Security professionals are under much pressure. It's understandable: Within the past 12 months, 61% of US and European businesses suffered a cyberattack, up from 45% in 2018, and the figures are higher in every category of breach, according to cyber insurer Hiscox. The frequency of attacks is also up, with the number of firms reporting four or more incidents increasing from 20% to 30% over the same time period.
As cyberattacks increase in volume and get more sophisticated – and hackers become more agile – CISOs must do more to build a comprehensive security strategy that can protect critical assets, monitor impact, and recover from any unexpected attacks or disruption. Building defenses will also require a fundamental shift in thinking. Security and IT leaders should take a hard look at how they've been working and ask themselves: Is my security posture really rock-solid? Have I taken care of the IT hygiene basics that are so often the cause of successful breaches? And what are those core fundamentals I should implement to ensure the risk of cyberattacks is minimized as much as possible going forward?
Here are three fundamentals.
1. Patch Vulnerabilities Within Minutes, Not Days
Many organizations fail to patch their hardware and software in a timely manner. Our own recent research, conducted with Forrester Consulting, revealed it can take between 28 and 37 business days to patch IT vulnerabilities. When left open, these security gaps can make it easier for malicious actors to strike, paving the way for a host of damaging assaults. From disrupted systems to data breaches, enterprises cannot operate securely or protect their data (or their customers' data) if they fail to patch vulnerabilities as soon as they are discovered.
Hackers can and will use any opening available to breach networks, disrupt operations, steal data, or hold it ransom. And new exploits are discovered every day. For example, in January the National Security Agency informed Microsoft about a vulnerability that would allow an attacker to, most significantly, enable remote code execution. (Microsoft quickly patched the vulnerability, which affected Windows 10 and Windows Server 2016/2019.)
And, despite some perceptions that Mac and iOS are more secure, Apple has been dealing with ongoing jailbreak issues for iOS devices, which create security vulnerabilities and are not always easy to patch.
But it's not just operating systems and mainstream programs that are at risk. Qualcomm's February 2020 Security Bulletin detailed multiple vulnerabilities, each with a "High" security rating. Among them, Adobe FrameMaker suffered a memory corruption vulnerability, which could lead to arbitrary code execution, and remote attackers could also make life difficult for those who use a Belkin N300 router.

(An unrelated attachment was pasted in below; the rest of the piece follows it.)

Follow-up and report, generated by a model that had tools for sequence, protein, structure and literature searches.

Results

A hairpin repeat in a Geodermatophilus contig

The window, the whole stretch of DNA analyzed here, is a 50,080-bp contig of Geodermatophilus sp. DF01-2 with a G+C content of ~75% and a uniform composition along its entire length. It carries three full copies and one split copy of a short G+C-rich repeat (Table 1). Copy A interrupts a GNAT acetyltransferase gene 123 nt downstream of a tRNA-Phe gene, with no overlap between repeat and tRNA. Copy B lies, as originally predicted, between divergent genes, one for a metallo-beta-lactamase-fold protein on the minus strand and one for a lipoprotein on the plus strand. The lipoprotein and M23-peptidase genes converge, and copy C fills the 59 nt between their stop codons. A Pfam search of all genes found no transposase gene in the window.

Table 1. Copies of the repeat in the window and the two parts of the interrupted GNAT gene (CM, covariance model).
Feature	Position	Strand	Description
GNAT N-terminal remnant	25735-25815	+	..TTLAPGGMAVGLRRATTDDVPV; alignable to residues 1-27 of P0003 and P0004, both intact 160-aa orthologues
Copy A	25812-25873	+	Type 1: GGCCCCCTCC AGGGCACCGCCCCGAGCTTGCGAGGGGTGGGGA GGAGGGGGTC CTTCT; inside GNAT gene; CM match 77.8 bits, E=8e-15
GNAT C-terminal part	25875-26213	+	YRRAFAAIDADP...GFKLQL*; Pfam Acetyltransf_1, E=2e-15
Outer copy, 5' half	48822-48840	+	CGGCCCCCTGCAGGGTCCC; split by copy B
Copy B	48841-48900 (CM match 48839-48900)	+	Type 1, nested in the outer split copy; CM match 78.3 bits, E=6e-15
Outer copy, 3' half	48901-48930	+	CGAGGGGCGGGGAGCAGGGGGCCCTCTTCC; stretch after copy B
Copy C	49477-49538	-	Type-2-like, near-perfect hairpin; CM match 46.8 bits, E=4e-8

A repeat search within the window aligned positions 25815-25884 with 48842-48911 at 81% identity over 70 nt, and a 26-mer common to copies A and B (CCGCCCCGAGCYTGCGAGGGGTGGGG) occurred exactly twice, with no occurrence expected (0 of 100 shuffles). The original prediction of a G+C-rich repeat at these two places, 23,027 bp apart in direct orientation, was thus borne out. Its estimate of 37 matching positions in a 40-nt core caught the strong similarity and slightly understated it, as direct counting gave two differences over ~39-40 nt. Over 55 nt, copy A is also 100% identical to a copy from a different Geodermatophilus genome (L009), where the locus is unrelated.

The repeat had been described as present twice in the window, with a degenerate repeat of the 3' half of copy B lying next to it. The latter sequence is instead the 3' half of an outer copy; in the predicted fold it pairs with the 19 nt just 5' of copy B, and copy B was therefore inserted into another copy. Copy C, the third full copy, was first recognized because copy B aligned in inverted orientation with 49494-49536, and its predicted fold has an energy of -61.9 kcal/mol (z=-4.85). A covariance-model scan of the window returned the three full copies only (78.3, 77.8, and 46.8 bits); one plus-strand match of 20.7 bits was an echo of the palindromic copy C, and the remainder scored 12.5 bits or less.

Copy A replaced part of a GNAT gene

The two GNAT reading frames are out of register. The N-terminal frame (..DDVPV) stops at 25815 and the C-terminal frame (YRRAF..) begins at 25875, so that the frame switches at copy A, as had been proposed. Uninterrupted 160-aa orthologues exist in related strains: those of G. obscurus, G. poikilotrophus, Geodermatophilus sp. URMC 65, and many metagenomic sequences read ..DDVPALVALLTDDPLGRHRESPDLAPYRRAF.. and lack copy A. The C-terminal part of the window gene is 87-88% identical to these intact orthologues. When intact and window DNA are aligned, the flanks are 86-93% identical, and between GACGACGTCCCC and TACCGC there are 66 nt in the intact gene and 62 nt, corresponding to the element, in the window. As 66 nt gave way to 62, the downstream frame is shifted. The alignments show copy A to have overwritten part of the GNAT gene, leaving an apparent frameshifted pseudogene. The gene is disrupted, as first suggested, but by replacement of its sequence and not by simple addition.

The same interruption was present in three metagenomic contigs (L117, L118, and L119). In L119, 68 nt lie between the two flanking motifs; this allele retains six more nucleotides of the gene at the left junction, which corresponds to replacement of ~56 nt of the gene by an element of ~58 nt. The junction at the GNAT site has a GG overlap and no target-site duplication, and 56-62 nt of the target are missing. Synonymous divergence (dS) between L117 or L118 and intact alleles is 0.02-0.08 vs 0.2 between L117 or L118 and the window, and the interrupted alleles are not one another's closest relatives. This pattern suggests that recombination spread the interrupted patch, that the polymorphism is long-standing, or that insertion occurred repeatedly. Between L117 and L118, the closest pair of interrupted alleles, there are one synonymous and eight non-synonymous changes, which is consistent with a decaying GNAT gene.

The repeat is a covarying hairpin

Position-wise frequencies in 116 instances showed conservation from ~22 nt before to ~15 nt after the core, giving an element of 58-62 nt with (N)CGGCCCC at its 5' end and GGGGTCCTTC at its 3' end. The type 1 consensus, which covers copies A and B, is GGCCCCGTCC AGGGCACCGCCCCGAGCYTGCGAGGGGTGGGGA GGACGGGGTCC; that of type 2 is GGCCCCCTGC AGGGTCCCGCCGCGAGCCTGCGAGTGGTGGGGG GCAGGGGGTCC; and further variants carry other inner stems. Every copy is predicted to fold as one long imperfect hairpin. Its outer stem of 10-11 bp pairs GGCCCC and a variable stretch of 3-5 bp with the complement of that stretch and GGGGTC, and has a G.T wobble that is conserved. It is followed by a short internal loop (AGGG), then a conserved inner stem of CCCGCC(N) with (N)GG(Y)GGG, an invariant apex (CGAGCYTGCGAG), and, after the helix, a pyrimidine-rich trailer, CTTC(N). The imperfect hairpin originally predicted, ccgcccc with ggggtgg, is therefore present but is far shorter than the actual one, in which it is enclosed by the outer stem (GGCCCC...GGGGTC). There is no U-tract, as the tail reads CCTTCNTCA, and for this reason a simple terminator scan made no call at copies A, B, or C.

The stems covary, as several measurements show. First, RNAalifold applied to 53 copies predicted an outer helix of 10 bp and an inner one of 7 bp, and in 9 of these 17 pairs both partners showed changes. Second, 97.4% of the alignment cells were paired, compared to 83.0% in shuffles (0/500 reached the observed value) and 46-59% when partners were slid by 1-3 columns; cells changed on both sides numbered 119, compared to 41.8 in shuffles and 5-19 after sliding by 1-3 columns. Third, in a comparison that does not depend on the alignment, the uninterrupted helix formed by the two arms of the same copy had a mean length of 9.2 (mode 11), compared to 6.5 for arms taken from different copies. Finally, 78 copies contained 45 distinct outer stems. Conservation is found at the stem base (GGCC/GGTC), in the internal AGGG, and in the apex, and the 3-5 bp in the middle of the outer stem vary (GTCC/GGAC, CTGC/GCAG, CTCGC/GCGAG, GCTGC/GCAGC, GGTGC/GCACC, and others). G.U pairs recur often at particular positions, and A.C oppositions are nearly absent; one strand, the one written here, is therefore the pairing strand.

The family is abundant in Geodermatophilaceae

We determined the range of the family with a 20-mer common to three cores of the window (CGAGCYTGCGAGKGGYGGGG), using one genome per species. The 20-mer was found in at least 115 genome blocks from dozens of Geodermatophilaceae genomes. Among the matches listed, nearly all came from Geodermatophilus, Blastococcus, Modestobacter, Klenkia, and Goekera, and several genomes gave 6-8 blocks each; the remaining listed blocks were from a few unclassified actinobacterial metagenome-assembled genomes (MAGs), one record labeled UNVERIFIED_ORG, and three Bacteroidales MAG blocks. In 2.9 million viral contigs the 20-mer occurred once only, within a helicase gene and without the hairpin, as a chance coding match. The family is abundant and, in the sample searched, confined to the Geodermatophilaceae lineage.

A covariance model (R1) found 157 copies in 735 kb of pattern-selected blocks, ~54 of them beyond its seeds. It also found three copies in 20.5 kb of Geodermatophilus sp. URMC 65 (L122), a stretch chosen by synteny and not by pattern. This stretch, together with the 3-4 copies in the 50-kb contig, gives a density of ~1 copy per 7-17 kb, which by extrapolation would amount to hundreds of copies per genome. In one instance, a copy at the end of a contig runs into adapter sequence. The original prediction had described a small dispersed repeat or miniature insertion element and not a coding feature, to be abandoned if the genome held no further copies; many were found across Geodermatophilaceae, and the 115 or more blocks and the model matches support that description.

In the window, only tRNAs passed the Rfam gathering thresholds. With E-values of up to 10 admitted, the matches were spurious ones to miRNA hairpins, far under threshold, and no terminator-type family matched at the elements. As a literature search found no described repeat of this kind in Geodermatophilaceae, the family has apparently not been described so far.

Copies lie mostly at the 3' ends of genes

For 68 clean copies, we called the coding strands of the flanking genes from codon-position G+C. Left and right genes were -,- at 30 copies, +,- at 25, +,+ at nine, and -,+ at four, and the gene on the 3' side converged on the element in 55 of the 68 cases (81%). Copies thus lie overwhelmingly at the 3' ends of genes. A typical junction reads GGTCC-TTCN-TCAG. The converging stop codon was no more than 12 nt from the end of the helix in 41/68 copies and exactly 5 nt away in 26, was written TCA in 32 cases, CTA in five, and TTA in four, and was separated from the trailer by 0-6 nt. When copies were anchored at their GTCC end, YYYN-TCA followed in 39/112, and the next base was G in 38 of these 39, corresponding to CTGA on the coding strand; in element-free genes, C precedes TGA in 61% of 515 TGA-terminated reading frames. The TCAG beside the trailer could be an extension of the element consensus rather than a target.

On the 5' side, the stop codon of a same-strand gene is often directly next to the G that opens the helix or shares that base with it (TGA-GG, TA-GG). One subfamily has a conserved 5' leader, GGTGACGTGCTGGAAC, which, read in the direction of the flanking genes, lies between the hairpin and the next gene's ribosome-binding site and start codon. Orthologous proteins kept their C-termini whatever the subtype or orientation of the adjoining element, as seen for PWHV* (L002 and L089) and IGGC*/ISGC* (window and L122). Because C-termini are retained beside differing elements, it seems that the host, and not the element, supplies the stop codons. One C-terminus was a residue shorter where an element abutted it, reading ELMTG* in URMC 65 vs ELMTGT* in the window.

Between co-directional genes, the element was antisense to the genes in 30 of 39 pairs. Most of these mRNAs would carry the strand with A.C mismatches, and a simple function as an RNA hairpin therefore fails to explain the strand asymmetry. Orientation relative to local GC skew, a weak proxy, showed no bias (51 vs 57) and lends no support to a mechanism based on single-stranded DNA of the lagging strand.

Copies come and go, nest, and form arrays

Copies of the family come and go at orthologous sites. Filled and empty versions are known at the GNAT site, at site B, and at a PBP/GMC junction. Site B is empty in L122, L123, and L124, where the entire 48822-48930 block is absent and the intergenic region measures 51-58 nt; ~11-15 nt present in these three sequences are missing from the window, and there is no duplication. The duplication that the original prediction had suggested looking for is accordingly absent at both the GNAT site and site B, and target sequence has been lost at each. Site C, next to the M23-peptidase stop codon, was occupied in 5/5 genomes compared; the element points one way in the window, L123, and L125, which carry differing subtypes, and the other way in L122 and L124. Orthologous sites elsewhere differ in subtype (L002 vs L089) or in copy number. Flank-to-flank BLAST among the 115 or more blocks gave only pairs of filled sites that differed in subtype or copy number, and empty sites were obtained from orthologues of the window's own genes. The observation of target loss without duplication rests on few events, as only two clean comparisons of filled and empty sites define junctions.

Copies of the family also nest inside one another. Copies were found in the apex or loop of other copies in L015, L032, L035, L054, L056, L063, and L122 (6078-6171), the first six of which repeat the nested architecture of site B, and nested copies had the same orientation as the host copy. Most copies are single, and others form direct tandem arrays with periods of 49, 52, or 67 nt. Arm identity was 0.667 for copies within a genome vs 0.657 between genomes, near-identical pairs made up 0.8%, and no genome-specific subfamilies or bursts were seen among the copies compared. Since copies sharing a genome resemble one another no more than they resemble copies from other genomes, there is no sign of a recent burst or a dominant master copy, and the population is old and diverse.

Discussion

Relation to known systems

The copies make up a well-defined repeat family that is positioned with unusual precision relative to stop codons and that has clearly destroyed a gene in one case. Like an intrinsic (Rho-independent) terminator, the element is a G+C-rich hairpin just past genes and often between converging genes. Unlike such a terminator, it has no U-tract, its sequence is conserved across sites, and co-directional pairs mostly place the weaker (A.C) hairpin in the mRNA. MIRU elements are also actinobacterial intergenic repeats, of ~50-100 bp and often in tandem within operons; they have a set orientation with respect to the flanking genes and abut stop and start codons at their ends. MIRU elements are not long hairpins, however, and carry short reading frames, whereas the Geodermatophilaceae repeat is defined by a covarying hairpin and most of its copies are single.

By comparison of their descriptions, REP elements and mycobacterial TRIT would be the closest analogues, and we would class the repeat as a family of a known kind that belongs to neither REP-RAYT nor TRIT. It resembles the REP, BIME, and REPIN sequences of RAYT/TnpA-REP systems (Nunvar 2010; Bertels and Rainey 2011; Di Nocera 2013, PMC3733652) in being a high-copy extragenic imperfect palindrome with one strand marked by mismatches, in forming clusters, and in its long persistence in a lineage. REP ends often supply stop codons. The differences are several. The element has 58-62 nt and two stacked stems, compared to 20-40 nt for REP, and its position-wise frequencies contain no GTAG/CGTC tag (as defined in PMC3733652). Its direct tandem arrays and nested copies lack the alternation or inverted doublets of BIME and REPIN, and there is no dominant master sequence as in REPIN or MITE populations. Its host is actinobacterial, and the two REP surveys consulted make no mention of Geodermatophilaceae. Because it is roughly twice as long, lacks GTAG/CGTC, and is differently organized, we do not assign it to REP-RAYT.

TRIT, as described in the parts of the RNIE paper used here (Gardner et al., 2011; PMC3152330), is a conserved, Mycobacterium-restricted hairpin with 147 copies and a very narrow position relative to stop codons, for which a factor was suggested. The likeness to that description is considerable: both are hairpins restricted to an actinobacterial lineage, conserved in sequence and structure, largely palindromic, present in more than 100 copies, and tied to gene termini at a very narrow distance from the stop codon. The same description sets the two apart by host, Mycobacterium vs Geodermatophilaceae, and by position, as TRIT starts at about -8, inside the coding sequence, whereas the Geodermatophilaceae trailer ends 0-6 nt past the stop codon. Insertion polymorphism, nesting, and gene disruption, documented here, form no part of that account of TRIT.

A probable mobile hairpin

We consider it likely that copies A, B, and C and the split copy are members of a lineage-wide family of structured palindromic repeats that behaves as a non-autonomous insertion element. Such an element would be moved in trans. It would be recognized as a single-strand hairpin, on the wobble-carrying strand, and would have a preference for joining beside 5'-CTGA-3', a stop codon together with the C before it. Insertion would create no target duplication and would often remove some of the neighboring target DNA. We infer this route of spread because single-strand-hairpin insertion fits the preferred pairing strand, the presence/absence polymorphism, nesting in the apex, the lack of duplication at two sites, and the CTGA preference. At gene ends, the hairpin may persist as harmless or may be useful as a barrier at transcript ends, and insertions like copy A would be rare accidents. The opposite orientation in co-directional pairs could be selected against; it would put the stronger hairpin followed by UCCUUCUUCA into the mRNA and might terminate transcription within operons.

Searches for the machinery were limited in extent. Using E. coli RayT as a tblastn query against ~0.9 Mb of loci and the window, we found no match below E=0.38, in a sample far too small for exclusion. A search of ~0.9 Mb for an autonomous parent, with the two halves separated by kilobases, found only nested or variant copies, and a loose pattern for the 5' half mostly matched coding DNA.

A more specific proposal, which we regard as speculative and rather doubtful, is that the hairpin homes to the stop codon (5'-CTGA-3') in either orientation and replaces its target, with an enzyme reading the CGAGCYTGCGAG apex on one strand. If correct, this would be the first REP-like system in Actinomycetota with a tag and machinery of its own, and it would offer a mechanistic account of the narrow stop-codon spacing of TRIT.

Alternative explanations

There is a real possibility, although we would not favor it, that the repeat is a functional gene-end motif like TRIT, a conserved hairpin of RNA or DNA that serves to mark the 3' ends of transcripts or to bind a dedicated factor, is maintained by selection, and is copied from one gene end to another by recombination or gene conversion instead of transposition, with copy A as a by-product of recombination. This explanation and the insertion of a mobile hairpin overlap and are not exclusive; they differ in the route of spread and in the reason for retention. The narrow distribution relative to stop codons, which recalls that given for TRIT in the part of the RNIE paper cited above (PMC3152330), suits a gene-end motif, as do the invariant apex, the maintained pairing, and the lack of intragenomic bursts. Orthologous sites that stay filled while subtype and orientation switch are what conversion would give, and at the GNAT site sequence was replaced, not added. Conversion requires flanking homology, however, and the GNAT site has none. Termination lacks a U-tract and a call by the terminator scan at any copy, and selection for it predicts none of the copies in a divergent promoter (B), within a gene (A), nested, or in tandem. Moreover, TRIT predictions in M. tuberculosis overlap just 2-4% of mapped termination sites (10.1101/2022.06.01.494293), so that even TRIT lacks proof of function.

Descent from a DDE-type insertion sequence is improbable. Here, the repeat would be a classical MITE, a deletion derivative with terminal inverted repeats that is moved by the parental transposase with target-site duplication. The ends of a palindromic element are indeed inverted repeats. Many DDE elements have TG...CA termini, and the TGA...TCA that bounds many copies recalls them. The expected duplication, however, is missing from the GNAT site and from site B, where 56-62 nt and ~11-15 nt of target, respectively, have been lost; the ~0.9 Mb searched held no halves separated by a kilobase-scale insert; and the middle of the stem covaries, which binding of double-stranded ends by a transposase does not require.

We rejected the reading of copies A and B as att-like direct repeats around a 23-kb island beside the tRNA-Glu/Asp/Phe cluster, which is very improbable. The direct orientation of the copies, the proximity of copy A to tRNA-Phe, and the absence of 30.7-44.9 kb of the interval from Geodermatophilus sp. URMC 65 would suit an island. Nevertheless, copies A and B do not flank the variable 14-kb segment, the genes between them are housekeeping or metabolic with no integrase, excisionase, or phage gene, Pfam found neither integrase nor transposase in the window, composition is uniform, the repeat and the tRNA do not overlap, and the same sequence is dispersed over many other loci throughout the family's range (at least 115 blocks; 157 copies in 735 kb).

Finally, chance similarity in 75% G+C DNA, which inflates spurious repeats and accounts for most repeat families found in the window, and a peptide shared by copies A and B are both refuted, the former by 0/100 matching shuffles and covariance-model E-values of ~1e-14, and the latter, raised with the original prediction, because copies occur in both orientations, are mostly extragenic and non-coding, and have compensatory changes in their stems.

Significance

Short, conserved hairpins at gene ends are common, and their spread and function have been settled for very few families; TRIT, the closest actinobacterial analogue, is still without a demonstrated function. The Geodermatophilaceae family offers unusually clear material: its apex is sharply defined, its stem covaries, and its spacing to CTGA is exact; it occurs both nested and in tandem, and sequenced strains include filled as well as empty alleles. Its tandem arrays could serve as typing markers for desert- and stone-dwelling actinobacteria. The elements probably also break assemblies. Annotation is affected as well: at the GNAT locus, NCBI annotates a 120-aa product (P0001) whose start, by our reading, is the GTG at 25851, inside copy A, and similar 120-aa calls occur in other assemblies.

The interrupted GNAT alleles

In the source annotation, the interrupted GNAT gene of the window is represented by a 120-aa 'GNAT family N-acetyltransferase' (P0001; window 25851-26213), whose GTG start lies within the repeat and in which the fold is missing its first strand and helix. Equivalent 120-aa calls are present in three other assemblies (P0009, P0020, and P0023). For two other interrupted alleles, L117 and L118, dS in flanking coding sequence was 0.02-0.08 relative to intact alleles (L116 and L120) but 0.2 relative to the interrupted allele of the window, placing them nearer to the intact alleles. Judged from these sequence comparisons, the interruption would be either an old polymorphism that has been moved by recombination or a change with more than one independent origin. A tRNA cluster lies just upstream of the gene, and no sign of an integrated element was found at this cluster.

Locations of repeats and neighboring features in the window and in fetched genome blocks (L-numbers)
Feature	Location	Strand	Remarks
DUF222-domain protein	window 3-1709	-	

With these and so many other vulnerabilities discovered every single day, security teams must have a real-time view of their IT enterprise. Their view needs to extend across all computing devices and endpoints, and they must have the ability to quickly patch their hardware and software and monitor their environments. To that end, a unified endpoint management platform is one effective way to monitor and patch systems more quickly, thus reducing the likelihood of breaches and disruptions. [Editor's note: The author's company is one of many that offer a unified endpoint management platform.]
2. Improve the Relationship Between IT and Security Ops
Last year prove challenging for other foundational concepts as well. Our research found a misplaced sense of confidence among IT decision-makers: Eighty percent said they were certain they could act on the results of vulnerability scans, yet fewer than half (49%) were confident they had full visibility into all the hardware/software assets in their environments, including servers, laptops, desktops, and containers.
What we found is that overall visibility dramatically improves when IT and security and operations work closer together, and they are better able to defend the entire enterprise using shared sets of actionable data. Among IT decision-makers, those with strained relationships with security (40%) struggled more with maintaining both visibility and IT hygiene compared to those with good partnerships. When these two teams build walls, things fall through the cracks, mistakes are made, breaches are inevitable, and the entire organization is at risk. All it takes is them getting on the same page about goals, areas of focus, and tools at their disposal.
3. Consolidate Point Tools
Tools proliferation is one of the biggest mistakes we see organizations make. Typically, as a problem emerges, businesses acquire a tool to remedy it. This approach often leads to a mountain of tools that are hard to manage and monitor at scale. Our research shows that in the past two years alone, IT teams obtained an average of five new tools just for security.
IT leaders need to step back and aggressively take stock of all their tools. They should identify the capabilities and deliverables their organizations need to implement, which will help them gain a clearer view into their networks and determine which tools they can consolidate across both teams. The end result will be a leaner, more judiciously managed environment that will help positive business outcomes.
Always Remain Vigilant
IT teams continue to face a tremendous challenge as they move forward into a new decade. Malicious actors are more sophisticated than ever before, while many enterprises are still struggling with strained internal relationships, unpatched vulnerabilities, and a lack of comprehensive endpoint visibility. By taking proactive action on these three steps, organizations can face down threats with greater agility and earned confidence.
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